We relaxed today since we are planning on leaving tomorrow at the break of dawn to make the 60 nm sail to Middle Percy Island. In the morning, I took our dinghy and motored over to talk to our friends, Paul and Julie, of S/V Silver Lining. They were our neighbors for a couple of months in Bundaberg Port Marina. I invited them over to play cards and have sundowners with us. We can be such party animals
As the afternoon waned on, a fleet of boats came into our anchorage at Pearl Bay. By the time the last anchor was down, there were 8 of us. Wow, what a change a day makes. Paul had said that most of them were at Keppel Bay Marina. They had told him they were coming as they planned on being at Middle Percy Island for the weekend.
Around 1600 Paul and Julie motored over. As we helped them tie up to Leu Cat we discovered that they came armed with all kinds of goodies including liver pate, salami, cheese and crackers. I was licking my chops as I gave Julie a hugs and slapped Paul on the back.
Once we were all settled, Mary Margaret gave them the low down on how to play the card game Hand and Foot and soon we were teamed up as the guys against the girls. In the practice hand, the girls killed us by over 4000 points. Thank goodness it was just a practice hand! During the real game, the girls decided that they could not stand the whining and crying that Paul and I did after the practice hand so they let us squeeze out a victory in a close scored game. Chalk one up for the guys. I think this is the first time in a number of attempts with other guy partners that the guys actually won one from the girls.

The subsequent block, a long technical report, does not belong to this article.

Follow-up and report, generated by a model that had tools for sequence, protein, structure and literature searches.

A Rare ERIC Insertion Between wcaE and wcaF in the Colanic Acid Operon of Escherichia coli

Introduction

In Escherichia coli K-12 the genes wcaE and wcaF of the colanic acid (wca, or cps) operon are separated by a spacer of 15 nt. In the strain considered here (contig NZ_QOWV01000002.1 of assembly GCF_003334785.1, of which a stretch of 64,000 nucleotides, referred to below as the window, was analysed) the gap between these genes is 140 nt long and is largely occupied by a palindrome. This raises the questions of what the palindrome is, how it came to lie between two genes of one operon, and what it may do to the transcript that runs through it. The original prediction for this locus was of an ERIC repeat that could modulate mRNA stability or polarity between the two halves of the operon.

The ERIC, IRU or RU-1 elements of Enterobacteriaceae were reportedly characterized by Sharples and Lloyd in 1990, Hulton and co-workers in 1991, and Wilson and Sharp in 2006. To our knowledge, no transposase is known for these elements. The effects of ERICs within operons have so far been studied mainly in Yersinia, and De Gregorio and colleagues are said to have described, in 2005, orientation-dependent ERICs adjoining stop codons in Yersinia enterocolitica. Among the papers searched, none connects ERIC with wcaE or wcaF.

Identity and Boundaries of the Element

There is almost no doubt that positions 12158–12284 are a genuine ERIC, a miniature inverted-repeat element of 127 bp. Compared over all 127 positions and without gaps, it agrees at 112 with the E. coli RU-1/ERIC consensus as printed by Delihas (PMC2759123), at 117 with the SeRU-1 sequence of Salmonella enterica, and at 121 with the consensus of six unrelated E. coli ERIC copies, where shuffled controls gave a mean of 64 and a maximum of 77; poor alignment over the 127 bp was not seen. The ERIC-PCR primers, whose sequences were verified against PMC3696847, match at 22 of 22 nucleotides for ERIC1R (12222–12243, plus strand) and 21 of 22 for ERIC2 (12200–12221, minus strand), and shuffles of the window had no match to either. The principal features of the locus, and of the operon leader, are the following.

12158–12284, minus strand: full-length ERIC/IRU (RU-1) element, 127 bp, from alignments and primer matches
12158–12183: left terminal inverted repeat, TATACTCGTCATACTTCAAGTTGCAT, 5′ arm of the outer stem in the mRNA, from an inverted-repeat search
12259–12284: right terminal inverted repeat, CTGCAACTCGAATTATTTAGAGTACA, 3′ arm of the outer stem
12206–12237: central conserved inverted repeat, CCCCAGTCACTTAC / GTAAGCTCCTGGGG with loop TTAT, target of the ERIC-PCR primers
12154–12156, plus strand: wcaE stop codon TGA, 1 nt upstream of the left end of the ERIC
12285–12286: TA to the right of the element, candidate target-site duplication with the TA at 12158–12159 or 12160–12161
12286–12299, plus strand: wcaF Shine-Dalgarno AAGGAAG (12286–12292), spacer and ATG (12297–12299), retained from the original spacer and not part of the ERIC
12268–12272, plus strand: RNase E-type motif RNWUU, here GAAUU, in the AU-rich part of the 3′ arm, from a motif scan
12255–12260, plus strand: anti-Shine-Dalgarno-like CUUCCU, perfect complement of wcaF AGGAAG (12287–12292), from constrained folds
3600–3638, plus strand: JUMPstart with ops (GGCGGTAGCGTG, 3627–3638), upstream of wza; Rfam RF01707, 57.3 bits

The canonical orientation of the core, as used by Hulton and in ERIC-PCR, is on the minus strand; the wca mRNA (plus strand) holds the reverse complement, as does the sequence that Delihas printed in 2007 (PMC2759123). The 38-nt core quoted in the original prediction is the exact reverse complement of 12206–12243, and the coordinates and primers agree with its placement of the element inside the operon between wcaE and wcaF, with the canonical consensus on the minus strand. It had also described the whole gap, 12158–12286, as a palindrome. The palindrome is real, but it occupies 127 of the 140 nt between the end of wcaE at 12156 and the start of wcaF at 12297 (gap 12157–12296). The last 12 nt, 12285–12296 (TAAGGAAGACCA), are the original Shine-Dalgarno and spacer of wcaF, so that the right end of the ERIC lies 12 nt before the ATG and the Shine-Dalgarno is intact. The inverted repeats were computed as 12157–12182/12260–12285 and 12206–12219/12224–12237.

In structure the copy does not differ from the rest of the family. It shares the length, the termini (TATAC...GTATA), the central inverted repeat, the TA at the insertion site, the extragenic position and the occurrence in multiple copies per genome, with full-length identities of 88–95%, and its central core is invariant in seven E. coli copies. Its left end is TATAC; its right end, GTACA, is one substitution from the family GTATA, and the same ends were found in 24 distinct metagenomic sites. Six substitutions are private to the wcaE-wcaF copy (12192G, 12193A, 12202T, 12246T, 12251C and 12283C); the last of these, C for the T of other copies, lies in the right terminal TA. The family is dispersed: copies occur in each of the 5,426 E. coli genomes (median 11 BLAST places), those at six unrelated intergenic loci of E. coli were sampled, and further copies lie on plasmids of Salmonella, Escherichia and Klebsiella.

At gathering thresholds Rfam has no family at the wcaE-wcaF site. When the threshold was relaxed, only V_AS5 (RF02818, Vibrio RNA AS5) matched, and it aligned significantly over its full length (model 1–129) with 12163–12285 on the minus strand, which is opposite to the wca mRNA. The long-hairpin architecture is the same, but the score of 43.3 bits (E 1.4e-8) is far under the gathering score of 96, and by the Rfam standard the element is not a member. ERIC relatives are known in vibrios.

Paul and Julie are also leaving tomorrow at the break of dawn for Middle Percy Island. Given we both have catamarans of about the same length, we should be in sight of each other for the sail.
This shot captures the South Hervey Island group, which were located behind us as we sat at anchor.
To enter Pearl Bay we had to passed between on of the South Hervey Islands and the mainland. This is a view of the channel we went through.